Year-end tax planning can provide most taxpayers with a good way to lower a tax bill that will otherwise be waiting for them when they file their 2017 tax return in 2018. Since tax liability is primarily keyed to each calendar tax year, once December 31, 2017 passes, your 2017 tax liability for the most part— good or bad– will mostly be set in stone.
Year-end 2017 presents a unique set of challenges for many taxpayers because of current efforts by Congress and the Trump Administration to enact tax reform legislation, the scope of which has not been seen since 1986, according to supporters. Whether this ambitious plan will be successful by the end of this year remains uncertain; but the reasons to prepare to maximize any benefits if it does happen are indisputable. Both talk of lower tax rates, and fewer deductions, requires careful monitoring at this time, with “contingency” plans ready to go before yearend should these changes occur retroactively to 2017, or starting in 2018, either immediately or under phased-in schedules.
Tax reform, although important, is not the only reason to engage in year-end tax planning this year. Other changes in the tax law, made by the IRS and the courts, have already taken place in 2017. Opportunities and pitfalls within these recent changes —as they impact each taxpayer’s unique situation—should not be overlooked. This particularly rings true as we approach year-end 2017.
Life-cycle changes. External influences such as changes in the tax law, however, may be only part of the reason for taking some action before year’s end. Changes in your personal and financial circumstances — marriage, divorce, a newborn, a change in employment, a new business venture, investment successes and downturns—may require a change-in-course tax-wise since last year. As with any ‘life-cycle” change, your tax return for this year may look entirely different from what it looked like for 2016. Accounting for that difference now, before year-end 2017 closes, should be an integral part of your year-end planning.
Other developments: How tax law has changed over the past year by the IRS, the Treasury Department and the courts should be integrated into specific 2017 year-end considerations. This strategy-focused review of 2017 events includes, among many other developments critical to year-end transactions:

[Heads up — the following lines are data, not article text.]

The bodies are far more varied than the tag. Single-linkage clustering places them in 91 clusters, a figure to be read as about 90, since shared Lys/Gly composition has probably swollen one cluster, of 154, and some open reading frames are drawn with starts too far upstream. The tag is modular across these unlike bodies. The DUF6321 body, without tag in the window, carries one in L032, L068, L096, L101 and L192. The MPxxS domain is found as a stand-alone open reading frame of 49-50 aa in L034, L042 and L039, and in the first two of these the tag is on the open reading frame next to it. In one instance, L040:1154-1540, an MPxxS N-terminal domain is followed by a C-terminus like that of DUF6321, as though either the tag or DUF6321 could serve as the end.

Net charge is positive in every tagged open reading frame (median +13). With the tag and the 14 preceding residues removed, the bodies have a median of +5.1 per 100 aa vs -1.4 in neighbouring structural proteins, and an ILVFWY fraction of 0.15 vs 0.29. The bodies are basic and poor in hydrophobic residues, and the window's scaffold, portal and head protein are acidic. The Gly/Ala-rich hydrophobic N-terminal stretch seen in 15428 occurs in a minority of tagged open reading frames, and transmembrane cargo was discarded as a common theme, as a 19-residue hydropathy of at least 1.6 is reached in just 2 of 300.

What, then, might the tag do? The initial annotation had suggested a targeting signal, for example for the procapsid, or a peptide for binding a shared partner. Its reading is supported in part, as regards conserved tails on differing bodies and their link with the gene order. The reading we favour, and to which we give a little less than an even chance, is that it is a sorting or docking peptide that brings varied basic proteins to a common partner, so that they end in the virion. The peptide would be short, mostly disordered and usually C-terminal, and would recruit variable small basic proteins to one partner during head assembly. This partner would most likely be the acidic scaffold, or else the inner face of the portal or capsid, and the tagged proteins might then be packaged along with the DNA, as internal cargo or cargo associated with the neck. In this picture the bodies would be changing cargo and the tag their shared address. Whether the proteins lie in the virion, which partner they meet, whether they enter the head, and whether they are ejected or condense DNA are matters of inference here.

- Growing interest by the IRS in the responsibilities and liabilities of participants within the “sharing” or “gig” economy;
- Disaster relief both through legislation and relaxed IRS compliance rules;
- Changing responsibilities of individuals and employers under revised rules implementing the Affordable Care Act;
- Payroll tax credit option for small start-up companies otherwise unable to make full use of the research tax credit;
- Changing schedules for business tax incentives that have been temporarily renewed while others have been allowed to sunset;
- “Repair regulation” elections on equipment purchases to be made for the 2017 tax year; and
- The reset by the Trump Administration of certain rules affecting debt/equity issues, foreign income reporting, recourse partnership liabilities, and estate tax valuation issues, among others.
Timing rules. Timing, and the skilled use of timing rules to accelerate and defer certain income or deductions, is the linchpin of year-end tax planning. For example, timing year-end bonuses or year-end tax payments, or timing sales of investment properties to maximize capital gains benefits should be considered. So, too, sometimes fairly sophisticated “like-kind exchange,” “installment sale” or “placed in service” rules for business or investment properties come into play. In other situations, however, implementation of more basic concepts are just as useful. For example, taxpayers can write a check or can charge an item by credit card and treat these actions as payments. It often does not matter for tax purposes when the recipient receives a check mailed by the payer, when a bank honors the check, or when the taxpayer pays the credit card bill, as long as done or delivered “in due course.”
Please feel free to contact one of our Professional Tax Advisors if you have any questions about how year-end tax planning might help you save taxes. Our tax laws operate largely within the
confines of “the tax year.” Once 2017 is over, tax savings that are specific to this year may be gone forever.
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